Since March 2020, we’ve posted regular updates on the commercial loan pricing markets, based on what we’ve seen when examining the PrecisionLender dataset. We look at several popular metrics and point out areas in which there have been noteworthy changes.
Today’s analysis is for the first half of March 2021. The big story was continued volume growth, combined with NIM decreases across the board. If you’d like to see our previous loan pricing market updates, you can find them here.
If you have questions about metrics that have appeared in previous posts, but not this latest one, please reach out to us at email@example.com.
NOTE: PrecisionLender’s data reflects actual commercial opportunities priced (loans, deposits, and other fee-based business) by more than 150 banks in the United States, ranging in size from small community banks to top 10 U.S. institutions. In addition to their variance in size, these banks are also geographically diverse, with borrowers in all 50 states.
March Pricing Volume Starts Strong
The pricing volume for the first half of March is already at 69 percent of the total indexed to July 2020 (the monthly average since July is 94%, with July indexed at 100%). This continues the upward trend we saw in February. March is now on pace to be the strongest month for commercial pricing volume since July.
Reminder: We are using the time period since July 2020 because this is when we saw the commercial market start to “settle” after the rate drops of March and then the PPP and Main Street activity in the following months.
Priced Commercial Loan Volume, by Month
Indexed to July 2020 = 100
Funding Curve Steepening Continues
The 3-Month Libor Swap Curve – which we use as a proxy for interest rates and funding costs – continued its six-month steepening trend. The 60-month rate on the March 12 snapshot was already 15 basis points higher than the Feb. 26 snapshot, while the 120-month rate was 7 bps higher. The curve then flattened on the far end for the 240-month and 360-month rates.
As noted before, this steepening is only a fixed-rate story for loans priced with maturities beyond 24 months. The 1-month floating rate has been largely static in recent months.
3-Month LIBOR Swap Curve, Selected Dates
Fixed-Rate Funding Costs Climb Rapidly
Not surprisingly, given the aforementioned funding curve steepening, fixed-rate funding costs also went up in the first half of March. It’s the continuation of the marked increase we observed during the second half of February. In total, fixed-rate COF has jumped up 26 bps across the last two observation periods.
Meanwhile, COF went up just one basis point for prime-based floating-rate loans and three basis points for LIBOR-based floating-rate loans.
As a reminder: PrecisionLender uses an assumed marginal funding cost, not the bank’s actual average cost of funds.
COF by Month, Rolling Trend
Floating-Rate Spreads Dip
Spreads on floating-rate loans dropped back down toward the lower-end of their pandemic period ranges – LIBOR dipped 10 basis points to 2.53% and Prime went down 5 basis points to 0.44%.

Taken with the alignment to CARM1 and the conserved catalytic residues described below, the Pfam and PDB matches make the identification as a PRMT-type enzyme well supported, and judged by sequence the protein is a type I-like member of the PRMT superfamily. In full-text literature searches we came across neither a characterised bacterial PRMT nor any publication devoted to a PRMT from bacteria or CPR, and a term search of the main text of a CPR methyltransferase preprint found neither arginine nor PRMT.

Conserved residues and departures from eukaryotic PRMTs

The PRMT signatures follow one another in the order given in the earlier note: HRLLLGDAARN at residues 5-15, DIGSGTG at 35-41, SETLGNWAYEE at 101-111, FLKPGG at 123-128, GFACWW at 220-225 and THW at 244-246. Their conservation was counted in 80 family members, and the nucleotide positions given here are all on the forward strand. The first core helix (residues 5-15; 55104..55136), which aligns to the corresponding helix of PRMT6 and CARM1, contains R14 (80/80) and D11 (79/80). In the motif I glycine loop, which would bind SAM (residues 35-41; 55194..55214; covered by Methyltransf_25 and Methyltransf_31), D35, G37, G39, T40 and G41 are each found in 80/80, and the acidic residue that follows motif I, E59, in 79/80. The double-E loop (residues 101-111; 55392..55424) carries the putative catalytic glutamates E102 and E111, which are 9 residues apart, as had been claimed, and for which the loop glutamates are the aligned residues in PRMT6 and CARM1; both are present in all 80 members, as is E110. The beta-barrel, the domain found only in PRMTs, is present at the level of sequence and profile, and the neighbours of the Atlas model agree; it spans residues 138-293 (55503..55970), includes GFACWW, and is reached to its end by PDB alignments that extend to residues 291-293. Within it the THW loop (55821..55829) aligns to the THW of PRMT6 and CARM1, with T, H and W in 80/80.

What’s interesting is that the continual movement up and down in those ranges has been occurring while floating-rate funding costs have remained largely unchanged since September 2020. The indication is that spread reminds a sensitive negotiation point during floating-rate loan pricing conversations. That said, bankers appear to be largely protecting the spread increases we saw last spring after the rate drops.
Weighted Average Spread to 1-Month LIBOR
Weighted Average Spread to Prime
Fixed-Rate Spread Decline Slows
With the exception of an uptick in the first half of February, fixed-rate spreads have declined significantly thus far in 2021, down 38 bps so far this year. The silver lining: the decline in the first half of March was slight – just 2 bps after the 21 bps drop in the second half of February.
Fixed-Rate Spread Trend
Fixed-Rate Coupons Increase; Floating-Rate Coupons Drop
Minimizing the spread decline while funding costs increased markedly meant that the coupon for fixed-rate loans increased by 9 bps.
Meanwhile, the drop in the coupons for floating-rate loans (-11 bps for LIBOR and –5 bps for Prime) essentially mirrored the decreases in spreads to the index.
Coupon Rate Trend
NIM Falls Across the Board
The fixed-rate coupon increase though, wasn’t enough to offset the COF increase. Meanwhile, fee levels on fixed-rate deals remained largely unchanged. Thus, yields didn’t rise enough to keep fixed-rate NIM from dropping again. It’s fallen 27 basis points over the last two observation periods.
While NIM also fell for floating-rate loans (9 bps for LIBOR and 4 bps for Prime) the NIM gap between Libor-based floating-rate loans and fixed-rate loans continues to widen. (We previously noted this in January). Back in October 2020 LIBOR-based floating-rate NIM was just 8 bps higher; in the first half of March it was 30 bps higher.
NIM by Month, Rolling Trend
Our banking consultants and data scientists are combing through PrecisionLender pricing data every day. If there is anything you’d like to know about what they’re seeing, please send along your questions to firstname.lastname@example.org.